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FlyCroTug Micro Drones Do Heavy Lifting

These are some heavy lifting drones!

Developed in the labs of Mark Cutkosky, the Fletcher Jones Chair in the School of Engineering at Stanford University, and Dario Floreano at the École Polytechnique Fédérale de Lausanne in Switzerland, FlyCroTugs are micro air vehicles that the researchers have modified so the vehicles can anchor themselves to various surfaces using adhesives inspired by the feet of geckos and insects, previously developed in Cutkosky’s lab.

With these attachment mechanisms, FlyCroTugs can pull objects up to 40 times their weight, like door handles in one scenario, or cameras and water bottles in a rescue situation. Similar vehicles can only lift objects about twice their own weight using aerodynamic forces.

“When you’re a small robot, the world is full of large obstacles,” said Matthew Estrada, a graduate student at Stanford and lead author of a paper on FlyCroTugs, published Oct. 25 in Science Robotics. “Combining the aerodynamic forces of our aerial vehicle along with interaction forces that we generate with the attachment mechanisms resulted in something that was very mobile, very forceful and micro as well.”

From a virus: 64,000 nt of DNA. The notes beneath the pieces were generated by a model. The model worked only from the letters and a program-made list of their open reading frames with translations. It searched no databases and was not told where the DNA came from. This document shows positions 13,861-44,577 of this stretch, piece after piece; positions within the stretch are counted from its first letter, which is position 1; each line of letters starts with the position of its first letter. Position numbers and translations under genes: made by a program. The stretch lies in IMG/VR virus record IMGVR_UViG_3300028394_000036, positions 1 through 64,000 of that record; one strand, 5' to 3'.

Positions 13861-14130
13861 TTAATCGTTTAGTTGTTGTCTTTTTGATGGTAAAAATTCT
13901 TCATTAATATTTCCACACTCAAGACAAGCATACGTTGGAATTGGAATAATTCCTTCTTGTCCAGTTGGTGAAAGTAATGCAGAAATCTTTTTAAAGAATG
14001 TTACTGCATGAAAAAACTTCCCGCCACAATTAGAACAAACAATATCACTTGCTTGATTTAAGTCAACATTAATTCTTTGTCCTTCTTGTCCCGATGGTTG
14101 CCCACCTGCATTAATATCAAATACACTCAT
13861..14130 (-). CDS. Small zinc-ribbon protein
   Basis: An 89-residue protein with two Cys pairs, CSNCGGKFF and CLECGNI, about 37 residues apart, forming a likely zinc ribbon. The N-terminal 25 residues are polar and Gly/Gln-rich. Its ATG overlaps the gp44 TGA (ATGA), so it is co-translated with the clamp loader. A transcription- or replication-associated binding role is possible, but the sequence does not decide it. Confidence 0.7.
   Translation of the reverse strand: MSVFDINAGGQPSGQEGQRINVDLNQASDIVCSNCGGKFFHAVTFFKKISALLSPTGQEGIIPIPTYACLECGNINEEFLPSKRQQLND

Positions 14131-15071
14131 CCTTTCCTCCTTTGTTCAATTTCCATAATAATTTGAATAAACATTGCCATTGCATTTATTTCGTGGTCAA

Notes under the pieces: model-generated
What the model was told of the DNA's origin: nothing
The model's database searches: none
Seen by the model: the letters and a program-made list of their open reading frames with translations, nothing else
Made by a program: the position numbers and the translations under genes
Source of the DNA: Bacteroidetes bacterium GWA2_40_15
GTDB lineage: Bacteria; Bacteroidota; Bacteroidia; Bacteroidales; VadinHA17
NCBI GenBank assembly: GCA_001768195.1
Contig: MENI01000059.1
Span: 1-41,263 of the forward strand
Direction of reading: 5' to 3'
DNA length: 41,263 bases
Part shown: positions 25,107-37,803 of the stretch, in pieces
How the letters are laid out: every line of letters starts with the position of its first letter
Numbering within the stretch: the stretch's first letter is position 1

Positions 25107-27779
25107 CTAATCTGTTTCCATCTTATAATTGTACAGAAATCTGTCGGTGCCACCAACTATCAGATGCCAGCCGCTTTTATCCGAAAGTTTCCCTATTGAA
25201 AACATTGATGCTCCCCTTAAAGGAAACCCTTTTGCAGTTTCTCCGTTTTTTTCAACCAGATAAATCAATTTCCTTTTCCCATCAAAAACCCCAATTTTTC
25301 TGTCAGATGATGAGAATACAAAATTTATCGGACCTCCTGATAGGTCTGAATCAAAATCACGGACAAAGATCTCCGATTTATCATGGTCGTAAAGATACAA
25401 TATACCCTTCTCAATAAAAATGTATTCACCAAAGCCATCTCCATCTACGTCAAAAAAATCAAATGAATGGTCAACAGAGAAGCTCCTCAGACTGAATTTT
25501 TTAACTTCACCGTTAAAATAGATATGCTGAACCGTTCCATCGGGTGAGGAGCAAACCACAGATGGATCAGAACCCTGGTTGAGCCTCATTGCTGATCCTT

The researchers say the FlyCroTugs’ small size means they can navigate through snug spaces and fairly close to people, making them useful for search and rescue. Holding tightly to surfaces as they tug, the tiny robots could potentially move pieces of debris or position a camera to evaluate a treacherous area.

Fans of James P. Hogan recall the hardworking repair drones from his 1979 book The Two Faces of Tomorrow:

A sudden rushing sound, like that of high-velocity ducted air, mixed with a fainter electric whine, came from halfway up the wall to their right... It was an array of open compartments that looked like pigeon holes for mail, except that each was a foot or more square...

The noise was coming from one of these objects. The object that it was coming from was a dull-gray cylinder about six inches across, lying on its side on top of a flat tubular framework that contained a mass of tightly packed gadgetry and wiring. The near end of the cylinder was distinctly insectlike, with a profusion of miniature probes and jointed arms, and a circle of recessed windows that could have been lens apertures.

It extended three of its tiny arms sideways to lock onto the registration pins located at intervals across the face and then, holding itself quite steady in the air, traversed slowly sideways until its axis was aligned with the array element from which Chris had taken the cartridge.
(Read more about the repair drones)

Via Stanford researchers modify small flying robots to anchor onto surfaces and pull heavy loads.

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